Mia is such a special young lady and an inspiration to us.  She got us started with our chickens and has been a huge help with our goats.   Her knowledge of animal husbandry is very impressive.  If we could motivate all of our nation’s youth to be as motivated as the 4-H kids, our country’s future would look much brighter.

Mary is getting a much-deserved hug.

It's exhausting, but worth it.

Our two little does did very well at our first show.  We’re super proud of them.

Come grow with us!

Future Scientists

Posted in Goats with tags , , , , , , , , , , on December 15, 2010 by PickMeYard

Goat husbandry is new to us, but we plan to learn all we can.  We decided to take a poop sample from our two goats to our veterinarian to check for parasites.  Goats are very susceptible to parasites, especially in Florida. 

Our Nigerian dwarf goats playing on a cart.

Our Nigerian dwarf goats live on our tennis court now.  The court needs re-surfacing and we decided that keeping our goats on it would be a better use for the court than tennis.  Nobody has stepped foot on the court for many years and now it’s the most popular spot in our yard.  The goats have lots of toys, two playgrounds, shade and their barn.  We always bring them treats such as branches of Brazilian pepper trees.  The Brazilian pepper tree is an invasive species in Florida so we have it in abundance.  It’s a natural wormer for the goats.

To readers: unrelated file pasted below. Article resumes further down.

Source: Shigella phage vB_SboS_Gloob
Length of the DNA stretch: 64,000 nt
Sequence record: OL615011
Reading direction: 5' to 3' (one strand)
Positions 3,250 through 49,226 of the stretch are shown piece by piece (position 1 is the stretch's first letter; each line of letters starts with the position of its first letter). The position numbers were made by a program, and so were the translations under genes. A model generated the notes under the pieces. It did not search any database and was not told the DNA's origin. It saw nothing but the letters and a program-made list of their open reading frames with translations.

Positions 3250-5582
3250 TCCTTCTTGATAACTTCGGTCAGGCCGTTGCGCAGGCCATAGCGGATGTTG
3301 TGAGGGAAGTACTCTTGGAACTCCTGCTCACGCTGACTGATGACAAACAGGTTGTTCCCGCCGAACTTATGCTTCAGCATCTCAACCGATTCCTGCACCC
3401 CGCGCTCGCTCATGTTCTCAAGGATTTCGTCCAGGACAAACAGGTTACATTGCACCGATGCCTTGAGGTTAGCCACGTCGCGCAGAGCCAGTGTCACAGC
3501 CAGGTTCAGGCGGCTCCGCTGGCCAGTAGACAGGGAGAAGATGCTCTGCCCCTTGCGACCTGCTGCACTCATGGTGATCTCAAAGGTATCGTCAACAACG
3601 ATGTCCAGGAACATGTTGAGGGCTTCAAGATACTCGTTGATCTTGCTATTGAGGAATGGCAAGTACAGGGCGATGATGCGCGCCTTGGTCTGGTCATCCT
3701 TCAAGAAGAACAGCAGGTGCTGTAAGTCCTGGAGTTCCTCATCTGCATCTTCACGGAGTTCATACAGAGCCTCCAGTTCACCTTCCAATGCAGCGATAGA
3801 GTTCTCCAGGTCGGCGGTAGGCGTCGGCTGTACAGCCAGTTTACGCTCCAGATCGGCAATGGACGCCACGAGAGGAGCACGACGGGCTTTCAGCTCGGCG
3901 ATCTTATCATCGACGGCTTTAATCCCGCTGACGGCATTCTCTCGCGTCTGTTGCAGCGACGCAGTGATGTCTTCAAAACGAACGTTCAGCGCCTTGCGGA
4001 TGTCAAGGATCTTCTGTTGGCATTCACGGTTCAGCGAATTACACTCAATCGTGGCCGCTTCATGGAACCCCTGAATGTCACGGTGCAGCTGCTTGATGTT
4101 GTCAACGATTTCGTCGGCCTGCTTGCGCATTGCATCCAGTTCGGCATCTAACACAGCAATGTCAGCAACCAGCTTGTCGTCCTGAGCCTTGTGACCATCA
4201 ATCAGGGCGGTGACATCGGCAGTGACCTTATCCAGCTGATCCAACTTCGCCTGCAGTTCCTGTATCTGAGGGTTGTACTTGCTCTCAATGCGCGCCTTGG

Brazilian pepper tree branch. The goats go crazy for it and it's good for them.

Chloe & Loring playing "parade".

Loring helped collect the poop samples from our goats to look at under a microscope. That's chocolate milk on her face.

Grayson & Loring are learning how to prepare the poop sample to look at under the microscope.

She’s only 4-years-old, but she’s very interested. Chloe is her goat.

Our veterinarian used the centrifugation method with a saline solution to prepare the poop sample.  He gave the kids an awesome lesson on how to use a microscope . We found about six eggs for a common stomach worm in goats called Haemonchus contortus.